Shadow women’s health minister: ‘The NHS is amazing, but it was built for men’

Abena Oppong-Asare MP outlined her vision for public health after speaking at UNISON’s annual women’s conference

Abena Oppong-Asare MP stands with UNISON general secretary Christina McAnea

UNISON is a place that Abena Oppong-Asare “likes to call home”. The shadow minister for women’s health and mental health was formerly a UNISON women’s officer and workplace rep for the Greater London Authority. She says UNISON “shaped her as a person and a politician.”

It’s therefore no surprise that Abena’s speech to UNISON’s women’s conference this year, which outlined Labour’s plan for the health of a nation, was met with a standing ovation from union delegates.

Since coming into the post in September 2023, Abena said she’s heard from countless people, including her own Erith and Thamesmead constituents, that women’s health is not taken seriously, particularly reproductive issues, and particularly for Black women.

“I’m alarmed that we have such high rates of post-natal suicide, and that Black women are four times more likely to die during pregnancy than white counterparts.

“Black maternal health is of personal interest to me. I was really shocked when I heard the data. We know the facts, but there isn’t always a drive to address the issues.”

Abena has a track record of speaking out about baby loss and birth trauma. “There’s a real stigma around it”, she says. “I’m looking into what needs to be addressed. I’ve met with bereaved families who have lost their babies when they’ve gone into hospitals and been treated badly.”

While Labour has pledged to train more midwives, Abena described how the language around this is critical: “It’s really key to emphasise that this is not to say the midwives we have aren’t good, it’s about ensuring that they stay in the workplace.

“It’s important to recognise that the NHS is amazing, but it was essentially built for men. We need to make sure that all healthcare that’s provided is equal, because women’s care tends to fall short.”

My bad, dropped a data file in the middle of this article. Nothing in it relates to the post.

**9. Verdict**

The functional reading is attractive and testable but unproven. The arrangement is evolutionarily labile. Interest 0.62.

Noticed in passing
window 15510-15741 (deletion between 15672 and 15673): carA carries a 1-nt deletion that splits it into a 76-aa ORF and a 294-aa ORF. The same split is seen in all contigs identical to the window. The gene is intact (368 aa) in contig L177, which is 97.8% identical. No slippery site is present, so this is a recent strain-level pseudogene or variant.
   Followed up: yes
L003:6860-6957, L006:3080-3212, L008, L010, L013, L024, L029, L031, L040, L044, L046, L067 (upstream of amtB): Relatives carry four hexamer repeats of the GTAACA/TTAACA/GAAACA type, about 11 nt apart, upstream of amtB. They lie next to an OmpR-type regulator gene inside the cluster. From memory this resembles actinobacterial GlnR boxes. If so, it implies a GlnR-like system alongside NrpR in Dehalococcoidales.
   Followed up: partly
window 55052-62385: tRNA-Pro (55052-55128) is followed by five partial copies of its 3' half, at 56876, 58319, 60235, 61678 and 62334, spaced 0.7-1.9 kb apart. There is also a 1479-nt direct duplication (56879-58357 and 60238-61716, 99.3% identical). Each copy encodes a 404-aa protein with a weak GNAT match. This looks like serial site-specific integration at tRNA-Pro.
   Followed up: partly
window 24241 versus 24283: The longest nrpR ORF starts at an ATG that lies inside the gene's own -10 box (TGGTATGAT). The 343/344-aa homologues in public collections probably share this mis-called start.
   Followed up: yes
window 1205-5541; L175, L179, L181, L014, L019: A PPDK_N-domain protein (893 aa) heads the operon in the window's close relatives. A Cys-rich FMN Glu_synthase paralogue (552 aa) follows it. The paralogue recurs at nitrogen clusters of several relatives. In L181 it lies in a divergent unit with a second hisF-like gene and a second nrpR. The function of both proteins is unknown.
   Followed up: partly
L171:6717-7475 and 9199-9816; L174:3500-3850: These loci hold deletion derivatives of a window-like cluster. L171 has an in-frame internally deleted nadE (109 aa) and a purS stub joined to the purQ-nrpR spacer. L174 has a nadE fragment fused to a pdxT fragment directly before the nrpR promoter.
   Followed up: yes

However, Abena also shares UNISON’s belief that healthcare isn’t just the responsibility of the NHS. Abena says one of Labour’s flagship women’s health commitments is on workplace menopause support: “We have a menopause workforce plan, which is essentially a plan for workplaces to make sure they’re menopause friendly and supporting people.”

Mental health

One of Abena’s priorities, should Labour win the next election, is to reform the Mental Health Act. “It’s 40 years out of date,” she says. “The government has spent years consulting with organisations and groups, but we haven’t seen any reforms. We need to narrow the racial disparities. Sometimes, if you’re a Black man, you’re incarcerated due to mental health issues. We need to look into this.”

Children’s mental health is a particular concern for Abena, who believes in the power of community solutions. “I want to see a mental health counsellor embedded in every single school across the country. From conversations I’ve had with both teachers and young people, everyone agrees this would be a positive thing.”

The connection between child and adolescent mental health, and adult mental health, is clear. “Adults with mental health issues have issues stemming from childhood that haven’t been treated. This is why I not only want to see counselling embedded in schools, but mental health hubs in the community, with an approach that’s embedded across all departments.”

Abena argues that mental health can often be a catalyst causing issues in other areas, for example she says: “I get a significant amount of housing cases in my constituency, and lots are linked to situations where people are battling mental health issues and if you’re only looking at the housing in isolation, you’re not addressing the root of the problem.”

“We need much more joined up thinking. This government only looks at things in isolation. We have to change the culture to make sure other departments recognise it’s their responsibility too.”

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